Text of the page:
Dave Mills Continental Drift Day 4....Sitrep

A great day today.

After another spiritual breakfast with the lovely Antonette and Camilla, who’s from Sweden (free dives with Whales and likes football), I headed off with a plan to find somewhere roughly near stonehenge; beautiful weather, clear skies but very cold so great to walk in. My body seems to be adapting a little more to things as my legs don’t ache so early in the day as they did initially, my bergan is starting to settle in and I’ve distributed the weight better. So improving. You know when you misjudge a step and it’s a few inches lower than you thought, which jars the knee? Yeah had one of those today, so first Ibuprofen have gone down the range on day 4.

 

Set off walking from Avebury towards Devizes and really enjoyed the morning. Eventually decided to stick my thumb out and see what that had to offer and after about 20 minutes Rob and his landrover stopped alongside me. Unbeknown to me at the time, but whilst hoisting my bergan up into Robs Lanny, my water bottle and pouch must have detached from my kit and are now a permanent feature of that part of the road. This is a problem I’ve had a couple of times already so it was only a matter of time and my own fault. I still have a spare 2 litres in my bergan so need to consider a better way…maybe a camelpak once in London. (Any one know of better / newer options).

 

Once in Devizes I stopped for a scone and tea, and sat next to a guy who I got chatting to. Turns out he is ex Hercules pilot from the Brylcream Boys (RAF), and had also the author of a book called “seven short lives”. The Book is about 1 particular Lancaster Bomber crew, of which the pilot was Steves dads cousin. The crew were shot down and all killed in 1944 over France and Steve spent years investigating the circumstances to the aircrafts loss, from both sides of the conflict, as well as tracing and visiting the living relatives of the fated crew. This journey took Steve all around the world and is a magnificent and moving tale of the fragility of life during those dark times.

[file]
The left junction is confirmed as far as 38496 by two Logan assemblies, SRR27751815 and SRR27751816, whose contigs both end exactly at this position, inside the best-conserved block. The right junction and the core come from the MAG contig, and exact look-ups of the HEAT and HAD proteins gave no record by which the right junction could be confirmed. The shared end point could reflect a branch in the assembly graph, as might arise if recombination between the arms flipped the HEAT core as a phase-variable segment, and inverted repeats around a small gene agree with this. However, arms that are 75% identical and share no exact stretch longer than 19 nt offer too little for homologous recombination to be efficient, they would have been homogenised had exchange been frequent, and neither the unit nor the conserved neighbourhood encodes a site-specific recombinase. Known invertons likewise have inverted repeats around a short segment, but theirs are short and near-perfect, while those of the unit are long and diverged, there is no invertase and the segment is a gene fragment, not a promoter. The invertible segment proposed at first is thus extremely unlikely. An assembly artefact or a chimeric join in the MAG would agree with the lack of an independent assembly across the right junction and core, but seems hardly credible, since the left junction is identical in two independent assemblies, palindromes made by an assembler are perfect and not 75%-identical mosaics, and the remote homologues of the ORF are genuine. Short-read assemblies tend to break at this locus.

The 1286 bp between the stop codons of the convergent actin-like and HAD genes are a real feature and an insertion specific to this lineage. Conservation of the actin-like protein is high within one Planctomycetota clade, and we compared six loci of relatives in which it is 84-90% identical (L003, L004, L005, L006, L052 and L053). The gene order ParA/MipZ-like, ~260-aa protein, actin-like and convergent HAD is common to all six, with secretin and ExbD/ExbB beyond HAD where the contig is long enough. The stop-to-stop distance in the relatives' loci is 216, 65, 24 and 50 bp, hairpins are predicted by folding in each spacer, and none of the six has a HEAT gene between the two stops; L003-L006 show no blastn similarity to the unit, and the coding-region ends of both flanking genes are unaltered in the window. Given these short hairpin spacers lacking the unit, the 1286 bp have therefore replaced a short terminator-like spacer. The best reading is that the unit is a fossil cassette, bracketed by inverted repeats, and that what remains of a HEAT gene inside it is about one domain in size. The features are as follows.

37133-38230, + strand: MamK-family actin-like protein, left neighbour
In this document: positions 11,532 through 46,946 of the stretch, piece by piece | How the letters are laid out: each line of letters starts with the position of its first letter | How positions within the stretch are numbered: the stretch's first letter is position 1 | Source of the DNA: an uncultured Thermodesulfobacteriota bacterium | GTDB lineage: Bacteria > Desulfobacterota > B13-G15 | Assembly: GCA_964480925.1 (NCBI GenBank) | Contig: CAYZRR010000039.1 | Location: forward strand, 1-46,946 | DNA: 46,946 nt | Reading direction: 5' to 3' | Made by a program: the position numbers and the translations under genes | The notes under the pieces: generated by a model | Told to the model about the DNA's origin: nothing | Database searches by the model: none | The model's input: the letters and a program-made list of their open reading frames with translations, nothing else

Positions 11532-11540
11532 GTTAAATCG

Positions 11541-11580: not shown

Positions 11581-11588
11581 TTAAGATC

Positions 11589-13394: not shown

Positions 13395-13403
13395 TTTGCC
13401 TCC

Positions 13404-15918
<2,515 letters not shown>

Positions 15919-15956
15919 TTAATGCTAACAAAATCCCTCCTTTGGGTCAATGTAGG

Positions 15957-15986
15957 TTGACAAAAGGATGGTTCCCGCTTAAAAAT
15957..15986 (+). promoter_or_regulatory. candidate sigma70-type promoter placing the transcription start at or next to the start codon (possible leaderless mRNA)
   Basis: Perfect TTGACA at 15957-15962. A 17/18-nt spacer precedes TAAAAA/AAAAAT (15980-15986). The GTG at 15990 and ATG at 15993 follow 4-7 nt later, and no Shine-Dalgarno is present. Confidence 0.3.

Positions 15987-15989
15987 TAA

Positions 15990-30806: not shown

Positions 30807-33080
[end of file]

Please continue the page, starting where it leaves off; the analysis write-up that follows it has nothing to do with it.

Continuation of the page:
The link to The books website is:- www.sevenshortlives.com  I think it would be a very interesting read.

 

Steve and his lovely wife Alison then drove me to their gorgeous home, showed me the book and articles about it in flypast magazine. He offered me a copy but we agreed I would get it on my return from the trip in a couple of years. Steve then drove me further onto the Salisbury road, dropping me at a military cemetery, which we both went to have a look around. A lot of Australians who had died at the same time in 1916 were buried in this cemetery and Steve informed me it was due to a flu outbreak that had occurred and which had decimated an Australian unit before they even set foot on French soil. As with all these locations, I felt sad at the waste of such young lives but a small part of me kind of wondered that, if it was their fate to die at that time, then just maybe the flu was a small mercy compared to the Western front? RIP boys.

 

I then walked from there down towards Amesbury, visiting wood henge on route. This is a monument exactly like the Sanctuary at Avebury and it is about 2 Miles from stonehenge and again must have had some link to that site.

 

As I walked I could see the barracks where I was first stationed back in 1987, whilst my Battalion was on the Arctic Warfare Role and bugger me if it didn’t start snowing at that exact moment! I used all my arctic survival training and decided ‘nah bollocks to that’ and headed to a B&B, leaving my tent secure inside my bergan. I spent the evening in Amesbury which is where we used to go fighting, sorry drinking at the weekend when we were off duty. I saw the new generation of squaddies in the pubs and was tempted to go in and join them, but knew it would probably end up with me naked on a table, doing shots with some burning toilet roll hanging out of my backside, so gave it a miss.

 

Stonehenge tomorrow

 

Onwards!

Video of the day